A last minute idea turned out great! I needed a quick book and activity for third grade classes for our first week back to school after the winter break. I perused through some new books and saw, The Most Perfect Snowman by Chris Britt. This story is about sharing and being judged on your clothes; it’s a combination of fantasy and real emotions. After reading this book, I asked the students to create their “perfect snowman.”
Creating Their Perfect Snowman
I asked them to think what their perfect snowman would look like. Granted, our children don’t have much (in some cases, any) experience in building real snowmen, since it hardly ever snows in south Georgia.
I asked them to think of how their snowman would show emotion and motion. How could they express themselves? What might they do?
They really enjoyed the freedom to be creative. Some struggle when they have very few directions. I did hear a few, “I may a mistake; I need a new paper.” No, just turn it over or treat that “mistake” as an opportunity!
They loved this activity and it was so simple, construction paper and crayons.
I love their artwork, including traditional snowmen, a cowboy snowman, police snowman, teacher snowman, football player snowman and more.
Our second grade classes are exploring forces, especially the concept of push and pull. Georgia Standards of Excellence: S2P2. Obtain, evaluate, and communicate information to explain the effect of a force (a push or a pull) in the movement of an object (changes in speed and direction). I started thinking of books featuring a push or pull and thought of the traditional folk tale, The Great Big Enormous Turnip, written by Alexei Tolstoy. I like the version illustrated by Helen Oxenbury.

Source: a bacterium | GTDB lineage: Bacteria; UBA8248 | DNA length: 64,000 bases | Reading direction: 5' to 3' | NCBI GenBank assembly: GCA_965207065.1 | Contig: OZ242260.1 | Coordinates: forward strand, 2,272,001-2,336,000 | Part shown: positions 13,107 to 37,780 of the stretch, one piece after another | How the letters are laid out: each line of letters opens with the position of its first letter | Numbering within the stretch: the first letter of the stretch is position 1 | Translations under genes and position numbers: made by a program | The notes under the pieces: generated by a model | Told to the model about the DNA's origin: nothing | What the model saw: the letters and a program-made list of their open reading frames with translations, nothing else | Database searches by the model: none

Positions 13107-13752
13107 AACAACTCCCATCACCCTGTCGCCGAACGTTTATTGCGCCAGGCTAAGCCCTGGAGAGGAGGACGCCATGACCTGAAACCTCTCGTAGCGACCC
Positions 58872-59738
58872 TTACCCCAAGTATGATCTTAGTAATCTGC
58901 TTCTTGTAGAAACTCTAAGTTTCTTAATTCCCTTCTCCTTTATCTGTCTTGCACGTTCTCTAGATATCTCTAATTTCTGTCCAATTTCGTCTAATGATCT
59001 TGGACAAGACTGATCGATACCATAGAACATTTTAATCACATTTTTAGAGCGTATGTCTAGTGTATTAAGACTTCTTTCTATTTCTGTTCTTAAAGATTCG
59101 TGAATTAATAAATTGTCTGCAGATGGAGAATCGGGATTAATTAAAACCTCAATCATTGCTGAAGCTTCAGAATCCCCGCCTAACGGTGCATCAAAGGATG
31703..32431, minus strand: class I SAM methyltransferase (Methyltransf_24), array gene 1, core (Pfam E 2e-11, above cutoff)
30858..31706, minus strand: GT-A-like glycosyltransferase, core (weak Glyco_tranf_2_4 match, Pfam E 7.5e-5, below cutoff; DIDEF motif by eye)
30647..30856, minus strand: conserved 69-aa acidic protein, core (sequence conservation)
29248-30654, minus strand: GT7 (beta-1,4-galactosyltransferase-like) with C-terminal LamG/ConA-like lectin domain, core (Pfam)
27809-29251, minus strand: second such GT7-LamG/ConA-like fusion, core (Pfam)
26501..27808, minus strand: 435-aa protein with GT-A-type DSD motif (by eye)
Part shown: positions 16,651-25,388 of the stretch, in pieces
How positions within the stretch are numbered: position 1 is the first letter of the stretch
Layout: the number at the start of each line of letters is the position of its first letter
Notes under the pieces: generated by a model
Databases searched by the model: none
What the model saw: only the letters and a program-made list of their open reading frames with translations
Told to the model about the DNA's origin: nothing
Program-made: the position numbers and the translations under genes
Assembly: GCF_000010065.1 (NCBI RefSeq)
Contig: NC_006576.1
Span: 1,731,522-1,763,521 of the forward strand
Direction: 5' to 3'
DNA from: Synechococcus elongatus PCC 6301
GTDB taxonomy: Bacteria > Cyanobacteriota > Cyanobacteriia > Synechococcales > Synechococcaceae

After reading the book we talked about how the people pulled on the turnip, creating a great force to get that vegetable out of the ground. We also made the connection to a similar experience they have every year at field day–the tug of war! I asked them to think of another person, animal or thing that could apply a force to get that turnip out.
Using paper and crayons they drew the turnip and how they imagined another version of the story. For the most part they came up with different ideas, gorillas, trucks, shovels, even Big Foot (when I told them to thing of something very strong). Some just illustrated the story (the old man, the old woman, grand-daughter, dog, cat and mouse); I guess I need to encourage them to think outside the box, use their imagination and get crazy!
I even bought a turnip as I figured few if any of the children would have eaten one. Several had heard of turnip greens (we are in the south after all).